While training as a pulmonary fellow at the University of Pennsylvania, I became fascinated by patients who suffered from sleep-related breathing disorders. Many of these patients stop breathing hundreds of times every night.
I decided that the evaluation and treatment of patients with the obstructive sleep apnea syndrome would ultimately play an important part of my career as a pulmonary and critical care medicine physician.In 1987, I became an attending physician at Pennsylvania Hospital. As I began to lecture other physicians about the obstructive sleep apnea syndrome, many referrals followed. In 1991, along with Dr. Charles Cantor, I started a one-bed sleep center. This center quickly grew to a four-bed program performing 1,000 sleep studies per year. My fascination with sleep medicine evolved and I became interested in all aspects of sleep disorders.
This article will focus on the dangers of not getting enough sleep and how sleep deprivation can kill you.
Sleep Deprivation Can Kill You
In the late 1800s, Thomas Edison illuminated the world with the incandescent light bulb. Little did he know that his great work would someday be a major contributing factor to the development of widespread sleep deprivation. In 1900, adults in the United States slept an average of nine hours per night. In 2000, adults slept an average of just seven hours per night. We have not evolved to need less sleep, but we are getting less sleep. In past centuries, our sleep/wake cycle was closely linked to the rotation of the earth. We slept when it was dark and we awoke and worked when it was light.
However, with the development and widespread availability of artificial light, we have prolonged our waking hours. Stimulants such as caffeine have also contributed to longer periods of wakefulness.Now that we’re all getting less sleep, you should know the five ways sleep deprivation can kill you.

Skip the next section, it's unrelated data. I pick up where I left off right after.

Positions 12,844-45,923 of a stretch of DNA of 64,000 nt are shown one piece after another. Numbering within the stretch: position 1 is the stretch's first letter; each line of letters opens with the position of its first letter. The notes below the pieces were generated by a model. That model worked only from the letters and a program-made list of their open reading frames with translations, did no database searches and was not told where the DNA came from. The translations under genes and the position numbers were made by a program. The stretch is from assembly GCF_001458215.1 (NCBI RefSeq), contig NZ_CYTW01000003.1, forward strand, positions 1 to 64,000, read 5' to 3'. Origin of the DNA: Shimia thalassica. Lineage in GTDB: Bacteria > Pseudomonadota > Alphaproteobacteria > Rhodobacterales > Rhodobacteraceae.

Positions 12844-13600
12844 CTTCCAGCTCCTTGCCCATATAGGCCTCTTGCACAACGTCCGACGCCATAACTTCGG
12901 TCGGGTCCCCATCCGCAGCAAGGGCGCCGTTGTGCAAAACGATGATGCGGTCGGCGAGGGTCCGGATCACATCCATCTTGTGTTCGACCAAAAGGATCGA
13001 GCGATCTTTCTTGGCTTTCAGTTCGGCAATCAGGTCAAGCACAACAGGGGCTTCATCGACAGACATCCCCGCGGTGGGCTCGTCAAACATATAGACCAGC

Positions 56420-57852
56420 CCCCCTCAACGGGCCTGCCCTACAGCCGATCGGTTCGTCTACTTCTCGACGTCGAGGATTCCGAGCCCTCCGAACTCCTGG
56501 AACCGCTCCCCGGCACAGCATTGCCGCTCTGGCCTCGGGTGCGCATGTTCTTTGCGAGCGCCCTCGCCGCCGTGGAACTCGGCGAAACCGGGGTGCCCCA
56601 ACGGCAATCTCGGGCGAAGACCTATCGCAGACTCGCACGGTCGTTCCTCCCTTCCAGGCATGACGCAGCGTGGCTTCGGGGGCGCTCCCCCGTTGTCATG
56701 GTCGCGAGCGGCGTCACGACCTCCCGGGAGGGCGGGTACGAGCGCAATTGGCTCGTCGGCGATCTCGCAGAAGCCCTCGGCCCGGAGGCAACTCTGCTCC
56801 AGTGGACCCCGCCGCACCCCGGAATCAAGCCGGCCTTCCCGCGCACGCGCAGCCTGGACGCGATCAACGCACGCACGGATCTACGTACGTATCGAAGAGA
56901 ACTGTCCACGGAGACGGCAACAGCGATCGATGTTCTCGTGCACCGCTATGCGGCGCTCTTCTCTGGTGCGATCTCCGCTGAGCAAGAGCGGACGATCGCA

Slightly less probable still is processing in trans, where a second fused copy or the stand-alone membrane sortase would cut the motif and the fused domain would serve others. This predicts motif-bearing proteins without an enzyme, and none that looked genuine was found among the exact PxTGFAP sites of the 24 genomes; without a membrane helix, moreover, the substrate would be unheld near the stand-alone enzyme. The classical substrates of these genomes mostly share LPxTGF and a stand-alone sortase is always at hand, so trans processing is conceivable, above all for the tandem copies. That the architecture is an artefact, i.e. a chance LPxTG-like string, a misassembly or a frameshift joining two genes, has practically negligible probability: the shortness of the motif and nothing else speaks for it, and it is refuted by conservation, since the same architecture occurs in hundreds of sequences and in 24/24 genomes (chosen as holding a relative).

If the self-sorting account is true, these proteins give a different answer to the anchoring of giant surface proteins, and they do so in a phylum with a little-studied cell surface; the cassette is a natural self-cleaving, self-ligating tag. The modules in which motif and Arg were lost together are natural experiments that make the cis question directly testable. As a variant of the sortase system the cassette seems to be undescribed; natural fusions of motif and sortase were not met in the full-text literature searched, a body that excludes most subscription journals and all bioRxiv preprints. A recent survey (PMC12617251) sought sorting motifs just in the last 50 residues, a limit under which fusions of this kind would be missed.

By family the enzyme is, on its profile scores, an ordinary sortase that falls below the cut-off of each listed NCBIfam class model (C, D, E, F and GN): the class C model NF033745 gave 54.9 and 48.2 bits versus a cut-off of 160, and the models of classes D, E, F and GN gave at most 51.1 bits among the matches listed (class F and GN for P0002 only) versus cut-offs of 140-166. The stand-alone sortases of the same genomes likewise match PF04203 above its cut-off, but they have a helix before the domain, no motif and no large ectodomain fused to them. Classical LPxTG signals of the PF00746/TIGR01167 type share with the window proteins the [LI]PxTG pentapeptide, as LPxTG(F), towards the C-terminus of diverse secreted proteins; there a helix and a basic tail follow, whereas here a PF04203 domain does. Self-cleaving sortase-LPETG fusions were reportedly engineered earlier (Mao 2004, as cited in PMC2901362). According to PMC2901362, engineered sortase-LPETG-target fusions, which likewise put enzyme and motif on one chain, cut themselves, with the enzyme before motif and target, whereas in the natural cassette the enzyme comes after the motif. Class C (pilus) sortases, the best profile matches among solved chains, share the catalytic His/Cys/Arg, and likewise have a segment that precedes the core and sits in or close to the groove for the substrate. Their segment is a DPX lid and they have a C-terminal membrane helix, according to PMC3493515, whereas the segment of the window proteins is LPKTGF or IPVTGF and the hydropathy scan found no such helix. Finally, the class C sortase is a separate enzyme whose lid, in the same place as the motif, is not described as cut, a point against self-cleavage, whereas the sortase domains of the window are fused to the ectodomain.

1. You could die in a car crash
It is estimated that 100,000 car crashes occur yearly because of drowsy driving. This contributes to 1,500 deaths and countless disabling injuries annually on our highways.
2. You could die at work
You undoubtedly are judged at work on a regular basis. Not getting enough sleep will affect your job performance and could contribute to being passed over for promotion or loss of your job. Worse yet, if your work involves operating heavy machinery or driving a motorized vehicle such as a truck, bus or forklift, you could hurt or kill yourself or someone else.
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3. You could become irritable, depressed and suicidal
Deep refreshing sleep is essential for feeling rested and well. If you are not getting enough sleep, this could make you feel very sad and could contribute to significant relationship difficulties. If this is a chronic condition, your prolonged depressed state could lead to thoughts of suicide.
4. You could gain weight
Obesity is a major problem in the United States. It contributes to premature death from problems such as heart attacks and strokes. While poor eating habits certainly contribute, lack of sleep is also likely a factor. The hormone leptin has a significant impact on appetite for food. Increased levels suppress appetite. There is evidence that not getting enough sleep lowers your leptin levels. This results in an increase in appetite and weight gain. So getting better sleep can help you lose weight.
5. You could develop diabetes mellitus
Diabetes is associated with increased levels of sugar in your blood. It is the No. 1 cause of blindness in the United States and contributes to many other life-threatening problems such as heart attacks, strokes and renal disease requiring dialysis. It can shorten your life. There is evidence that not getting enough sleep can lead to metabolic changes that cause diabetes mellitus.
Sleep is essential for our well-being. As we get older, good sleep is often harder to come by. With the aging process, we experience less of the deep sleep known as slow-wave sleep. Combine this with medical problems such as arthritis, reflux, heart and lung disease and you have a recipe for ongoing sleep problems.